Friday, April 23, 2010

Review: Brothers at War


Brothers at War
By Alex Rutherford
Headline Review,
427 pages, Rs 495


The second enthralling installment in Alex Rutherford's Empire of the Moghul series. 1530, Agra, Northern India. Humayun, the newly-crowned second Moghul Emperor, is a fortunate man. His father, Babur, has bequeathed him wealth, glory and an empire which stretches a thousand miles south from the Khyber pass; he must now build on his legacy, and make the Moghuls worthy of their forebear, Tamburlaine. But, unbeknown to him, Humayun is already in grave danger. His half-brothers are plotting against him; they doubt that he has the strength, the will, the brutality needed to command the Moghul armies and lead them to still-greater glories. Perhaps they are right. Soon Humayun will be locked in a terrible battle: not only for his crown, not only for his life, but for the existence of the very empire itself.

Bring on Akbar Mint

A few chapters into the first book in the Empire of the Moghul trilogy, Raiders from the North, and I was hooked. And a little embarrassed for it. If a review request hadn’t been forthcoming, I would have never ever picked up a copy of Alex Rutherford’s debut. I am not a snob by any means, and I have the Ludlums to prove it, but period fiction just isn’t my cup of tea.

If I want to immerse myself in period literature, why not choose a well-written history? And if I must read fiction, why not pick up something like Joseph O’Neill’s Netherland or even the Fake IPL Player’s book? Both fictional but within an identifiable context.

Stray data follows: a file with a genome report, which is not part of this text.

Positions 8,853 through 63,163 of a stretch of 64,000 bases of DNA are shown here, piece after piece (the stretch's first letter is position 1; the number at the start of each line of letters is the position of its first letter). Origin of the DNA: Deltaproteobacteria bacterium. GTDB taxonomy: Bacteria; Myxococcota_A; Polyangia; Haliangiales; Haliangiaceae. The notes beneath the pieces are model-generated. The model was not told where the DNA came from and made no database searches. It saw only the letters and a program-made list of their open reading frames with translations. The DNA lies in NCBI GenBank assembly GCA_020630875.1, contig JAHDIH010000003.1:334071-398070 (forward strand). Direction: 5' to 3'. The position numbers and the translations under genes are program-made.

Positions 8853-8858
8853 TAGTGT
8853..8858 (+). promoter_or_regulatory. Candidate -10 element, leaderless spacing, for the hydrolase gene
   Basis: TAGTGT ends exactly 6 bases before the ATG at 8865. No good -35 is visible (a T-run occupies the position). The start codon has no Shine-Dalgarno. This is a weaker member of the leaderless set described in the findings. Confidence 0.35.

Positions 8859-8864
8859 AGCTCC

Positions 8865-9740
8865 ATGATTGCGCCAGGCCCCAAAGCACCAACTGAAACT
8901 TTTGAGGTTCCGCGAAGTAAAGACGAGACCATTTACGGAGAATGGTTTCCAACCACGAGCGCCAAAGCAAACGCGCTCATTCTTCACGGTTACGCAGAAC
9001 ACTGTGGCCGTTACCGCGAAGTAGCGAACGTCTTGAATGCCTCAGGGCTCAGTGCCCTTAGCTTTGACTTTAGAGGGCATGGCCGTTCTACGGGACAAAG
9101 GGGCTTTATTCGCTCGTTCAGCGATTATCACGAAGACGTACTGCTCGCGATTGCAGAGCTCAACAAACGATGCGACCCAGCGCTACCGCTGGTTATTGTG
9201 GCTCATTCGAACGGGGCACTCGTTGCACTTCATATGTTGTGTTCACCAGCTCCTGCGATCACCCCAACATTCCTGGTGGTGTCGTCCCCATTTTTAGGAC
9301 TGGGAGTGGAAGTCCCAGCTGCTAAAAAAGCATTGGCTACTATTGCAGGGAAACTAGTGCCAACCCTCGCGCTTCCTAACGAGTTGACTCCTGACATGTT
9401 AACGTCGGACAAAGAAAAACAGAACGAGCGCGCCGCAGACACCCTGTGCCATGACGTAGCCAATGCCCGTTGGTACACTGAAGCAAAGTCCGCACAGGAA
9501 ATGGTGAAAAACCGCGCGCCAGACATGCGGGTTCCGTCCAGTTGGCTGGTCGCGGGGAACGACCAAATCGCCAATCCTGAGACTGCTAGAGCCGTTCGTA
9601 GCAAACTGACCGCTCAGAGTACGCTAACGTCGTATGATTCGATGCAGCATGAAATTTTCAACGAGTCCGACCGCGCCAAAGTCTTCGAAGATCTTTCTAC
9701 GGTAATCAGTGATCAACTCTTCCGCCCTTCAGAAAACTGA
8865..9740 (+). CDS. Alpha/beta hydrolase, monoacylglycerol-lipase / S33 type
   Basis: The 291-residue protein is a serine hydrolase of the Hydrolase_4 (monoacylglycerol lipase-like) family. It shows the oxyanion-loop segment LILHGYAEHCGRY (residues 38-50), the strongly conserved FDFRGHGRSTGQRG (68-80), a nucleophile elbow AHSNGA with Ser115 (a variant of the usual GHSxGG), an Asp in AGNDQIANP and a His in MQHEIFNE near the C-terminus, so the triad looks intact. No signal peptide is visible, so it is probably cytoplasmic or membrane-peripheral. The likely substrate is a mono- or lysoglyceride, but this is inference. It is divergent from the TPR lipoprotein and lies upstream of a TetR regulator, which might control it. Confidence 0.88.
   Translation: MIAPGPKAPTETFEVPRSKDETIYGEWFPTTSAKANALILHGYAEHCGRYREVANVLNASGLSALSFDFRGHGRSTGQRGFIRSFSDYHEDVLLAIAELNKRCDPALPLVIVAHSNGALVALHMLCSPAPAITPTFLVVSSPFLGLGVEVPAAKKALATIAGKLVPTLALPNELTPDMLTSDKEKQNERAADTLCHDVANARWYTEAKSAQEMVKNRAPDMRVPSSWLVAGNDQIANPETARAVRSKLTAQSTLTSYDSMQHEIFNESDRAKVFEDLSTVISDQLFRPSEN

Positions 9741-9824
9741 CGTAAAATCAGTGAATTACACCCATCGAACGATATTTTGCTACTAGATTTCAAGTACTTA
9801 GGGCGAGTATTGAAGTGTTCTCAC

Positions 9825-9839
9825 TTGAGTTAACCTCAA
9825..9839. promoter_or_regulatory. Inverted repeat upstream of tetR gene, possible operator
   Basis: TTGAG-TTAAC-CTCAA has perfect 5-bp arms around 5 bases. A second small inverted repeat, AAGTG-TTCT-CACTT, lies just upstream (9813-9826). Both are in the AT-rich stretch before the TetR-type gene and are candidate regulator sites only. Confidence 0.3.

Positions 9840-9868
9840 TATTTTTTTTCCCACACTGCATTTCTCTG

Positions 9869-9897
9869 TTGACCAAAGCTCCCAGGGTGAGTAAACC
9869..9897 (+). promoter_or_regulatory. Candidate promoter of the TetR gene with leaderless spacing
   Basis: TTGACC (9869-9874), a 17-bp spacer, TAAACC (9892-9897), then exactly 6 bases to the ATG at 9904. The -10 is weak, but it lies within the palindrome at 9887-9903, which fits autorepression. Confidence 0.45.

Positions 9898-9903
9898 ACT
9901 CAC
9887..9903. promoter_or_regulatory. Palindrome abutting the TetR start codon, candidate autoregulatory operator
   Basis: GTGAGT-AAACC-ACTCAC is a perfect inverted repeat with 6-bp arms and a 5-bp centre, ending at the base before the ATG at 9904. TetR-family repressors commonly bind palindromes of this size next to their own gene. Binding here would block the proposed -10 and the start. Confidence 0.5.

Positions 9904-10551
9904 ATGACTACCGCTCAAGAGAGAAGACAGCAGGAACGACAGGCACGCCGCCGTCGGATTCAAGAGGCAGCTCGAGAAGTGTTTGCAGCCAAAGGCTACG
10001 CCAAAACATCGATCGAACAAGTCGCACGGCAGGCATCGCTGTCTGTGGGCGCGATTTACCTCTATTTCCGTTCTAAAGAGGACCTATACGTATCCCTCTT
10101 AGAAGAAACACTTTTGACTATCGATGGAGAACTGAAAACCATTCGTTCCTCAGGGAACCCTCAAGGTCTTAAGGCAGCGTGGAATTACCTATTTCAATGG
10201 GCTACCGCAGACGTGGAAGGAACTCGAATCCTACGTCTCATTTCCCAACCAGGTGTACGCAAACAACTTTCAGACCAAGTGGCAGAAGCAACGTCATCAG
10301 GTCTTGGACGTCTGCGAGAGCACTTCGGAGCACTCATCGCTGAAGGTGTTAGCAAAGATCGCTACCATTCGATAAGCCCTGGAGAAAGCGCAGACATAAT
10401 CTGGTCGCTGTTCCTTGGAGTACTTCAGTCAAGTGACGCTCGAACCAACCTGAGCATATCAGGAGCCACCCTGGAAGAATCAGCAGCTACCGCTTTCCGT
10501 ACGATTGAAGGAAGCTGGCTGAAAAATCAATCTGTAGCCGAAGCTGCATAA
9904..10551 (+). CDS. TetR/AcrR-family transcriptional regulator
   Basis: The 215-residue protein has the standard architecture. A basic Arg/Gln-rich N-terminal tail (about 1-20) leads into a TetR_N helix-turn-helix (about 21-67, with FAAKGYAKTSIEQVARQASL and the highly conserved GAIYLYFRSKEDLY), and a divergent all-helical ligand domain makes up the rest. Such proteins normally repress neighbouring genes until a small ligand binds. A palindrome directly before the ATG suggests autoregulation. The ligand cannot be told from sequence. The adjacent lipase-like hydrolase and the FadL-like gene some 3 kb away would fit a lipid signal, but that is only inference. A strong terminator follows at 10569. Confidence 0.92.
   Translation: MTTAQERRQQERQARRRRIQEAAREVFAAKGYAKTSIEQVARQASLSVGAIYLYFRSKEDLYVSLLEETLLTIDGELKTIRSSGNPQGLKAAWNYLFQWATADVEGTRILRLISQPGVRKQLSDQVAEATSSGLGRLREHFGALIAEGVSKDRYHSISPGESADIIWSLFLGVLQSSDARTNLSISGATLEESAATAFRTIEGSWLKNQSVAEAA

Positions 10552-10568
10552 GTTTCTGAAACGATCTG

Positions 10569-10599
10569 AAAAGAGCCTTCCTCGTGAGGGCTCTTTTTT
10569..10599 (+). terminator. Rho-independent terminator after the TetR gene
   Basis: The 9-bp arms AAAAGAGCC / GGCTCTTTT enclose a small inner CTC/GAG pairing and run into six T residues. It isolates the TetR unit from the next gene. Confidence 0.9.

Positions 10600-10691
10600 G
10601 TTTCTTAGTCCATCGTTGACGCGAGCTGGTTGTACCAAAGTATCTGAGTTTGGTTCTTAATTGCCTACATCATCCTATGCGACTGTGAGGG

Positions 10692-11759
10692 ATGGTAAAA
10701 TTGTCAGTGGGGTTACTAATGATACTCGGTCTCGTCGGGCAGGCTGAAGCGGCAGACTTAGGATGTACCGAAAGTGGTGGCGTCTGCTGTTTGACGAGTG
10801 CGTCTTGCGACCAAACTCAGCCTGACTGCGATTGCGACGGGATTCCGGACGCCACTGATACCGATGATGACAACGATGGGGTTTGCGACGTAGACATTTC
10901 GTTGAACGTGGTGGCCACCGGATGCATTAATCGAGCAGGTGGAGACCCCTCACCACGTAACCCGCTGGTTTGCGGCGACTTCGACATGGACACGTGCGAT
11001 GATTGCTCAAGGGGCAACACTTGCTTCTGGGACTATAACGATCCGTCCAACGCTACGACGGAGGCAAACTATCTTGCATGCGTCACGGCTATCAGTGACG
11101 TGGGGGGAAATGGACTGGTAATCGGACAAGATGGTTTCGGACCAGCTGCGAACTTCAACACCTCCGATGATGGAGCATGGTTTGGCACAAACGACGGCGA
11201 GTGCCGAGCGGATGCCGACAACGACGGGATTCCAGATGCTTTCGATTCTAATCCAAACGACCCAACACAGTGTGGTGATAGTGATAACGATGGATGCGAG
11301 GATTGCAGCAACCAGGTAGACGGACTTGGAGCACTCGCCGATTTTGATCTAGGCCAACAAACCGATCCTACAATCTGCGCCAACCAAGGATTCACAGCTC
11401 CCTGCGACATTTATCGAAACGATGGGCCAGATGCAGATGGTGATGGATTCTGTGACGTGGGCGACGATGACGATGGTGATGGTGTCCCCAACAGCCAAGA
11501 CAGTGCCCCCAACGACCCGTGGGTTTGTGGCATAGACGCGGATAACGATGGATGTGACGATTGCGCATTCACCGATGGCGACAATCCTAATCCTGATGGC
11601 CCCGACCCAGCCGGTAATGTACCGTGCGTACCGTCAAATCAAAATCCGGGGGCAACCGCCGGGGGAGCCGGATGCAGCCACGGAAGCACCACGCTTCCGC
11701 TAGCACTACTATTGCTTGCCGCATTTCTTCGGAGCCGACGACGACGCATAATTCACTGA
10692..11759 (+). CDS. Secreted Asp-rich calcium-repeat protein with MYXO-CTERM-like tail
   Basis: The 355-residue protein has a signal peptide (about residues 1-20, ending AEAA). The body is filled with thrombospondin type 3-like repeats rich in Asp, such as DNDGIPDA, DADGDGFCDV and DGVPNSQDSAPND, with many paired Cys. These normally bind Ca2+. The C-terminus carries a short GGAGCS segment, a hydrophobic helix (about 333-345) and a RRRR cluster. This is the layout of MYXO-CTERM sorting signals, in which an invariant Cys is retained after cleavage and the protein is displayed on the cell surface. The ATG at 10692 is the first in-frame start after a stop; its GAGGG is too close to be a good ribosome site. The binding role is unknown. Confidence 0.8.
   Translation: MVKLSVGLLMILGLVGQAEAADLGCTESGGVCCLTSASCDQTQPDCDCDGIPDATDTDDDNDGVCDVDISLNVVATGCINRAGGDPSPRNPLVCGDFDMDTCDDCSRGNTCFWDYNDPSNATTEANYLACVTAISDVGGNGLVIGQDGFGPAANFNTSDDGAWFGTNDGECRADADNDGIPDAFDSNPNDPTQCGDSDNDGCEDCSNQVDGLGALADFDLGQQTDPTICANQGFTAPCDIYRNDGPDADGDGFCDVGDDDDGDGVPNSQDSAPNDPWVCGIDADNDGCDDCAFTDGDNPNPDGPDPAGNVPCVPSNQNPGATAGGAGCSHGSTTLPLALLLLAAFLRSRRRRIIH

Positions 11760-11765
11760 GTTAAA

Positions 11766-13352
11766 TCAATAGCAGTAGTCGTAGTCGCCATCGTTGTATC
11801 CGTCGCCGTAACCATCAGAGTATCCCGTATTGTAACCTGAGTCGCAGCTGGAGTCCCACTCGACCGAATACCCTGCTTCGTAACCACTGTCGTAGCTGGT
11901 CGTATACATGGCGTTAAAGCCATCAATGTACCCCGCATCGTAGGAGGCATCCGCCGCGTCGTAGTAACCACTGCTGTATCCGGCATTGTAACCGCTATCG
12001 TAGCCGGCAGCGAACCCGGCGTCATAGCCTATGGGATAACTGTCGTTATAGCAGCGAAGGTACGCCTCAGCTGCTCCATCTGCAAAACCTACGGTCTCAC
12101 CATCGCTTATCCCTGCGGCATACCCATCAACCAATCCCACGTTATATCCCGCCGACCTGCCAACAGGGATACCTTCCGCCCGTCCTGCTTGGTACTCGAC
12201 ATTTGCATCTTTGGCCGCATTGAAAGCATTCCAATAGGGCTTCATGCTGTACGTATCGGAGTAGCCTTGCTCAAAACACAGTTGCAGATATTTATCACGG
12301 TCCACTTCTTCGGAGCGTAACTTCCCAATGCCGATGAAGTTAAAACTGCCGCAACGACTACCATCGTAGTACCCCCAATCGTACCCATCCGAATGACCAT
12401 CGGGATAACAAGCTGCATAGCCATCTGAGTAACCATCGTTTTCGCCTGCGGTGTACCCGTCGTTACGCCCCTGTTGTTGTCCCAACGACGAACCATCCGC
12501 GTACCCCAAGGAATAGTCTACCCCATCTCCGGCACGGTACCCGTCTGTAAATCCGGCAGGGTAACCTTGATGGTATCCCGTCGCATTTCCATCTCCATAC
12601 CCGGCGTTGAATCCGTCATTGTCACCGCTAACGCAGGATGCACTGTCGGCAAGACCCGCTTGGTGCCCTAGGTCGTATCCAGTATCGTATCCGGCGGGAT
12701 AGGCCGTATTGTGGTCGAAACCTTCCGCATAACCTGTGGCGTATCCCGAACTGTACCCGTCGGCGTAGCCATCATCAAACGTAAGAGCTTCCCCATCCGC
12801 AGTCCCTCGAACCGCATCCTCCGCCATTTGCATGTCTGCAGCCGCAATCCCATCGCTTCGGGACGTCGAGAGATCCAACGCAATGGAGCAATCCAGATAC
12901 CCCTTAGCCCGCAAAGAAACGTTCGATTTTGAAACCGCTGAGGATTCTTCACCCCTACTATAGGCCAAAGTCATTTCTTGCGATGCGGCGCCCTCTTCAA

Period fiction requires two leaps of my imagination. My imagination, I was under the impression, was not so leapy. And then I read the excellent ‘Raiders from the North’. And I leapt verily!

That book was an engaging, well-balanced work that told the story of Babar’s impossible rise to power and the genesis of the Mughal empire. The book had a certain cinematic heft to it, with a TV documentary-like treatment of the dramatic and the historic. In that context it was also a book that went well with the contemporary need to dramatize history. Big budget TV series such as The Tudors, Band of Brothers and the more recent The Pacific all explain spans of history through the feelings, lusts, fears and thrills of their protagonists.

Not with maps and relics, but with sex and savagery

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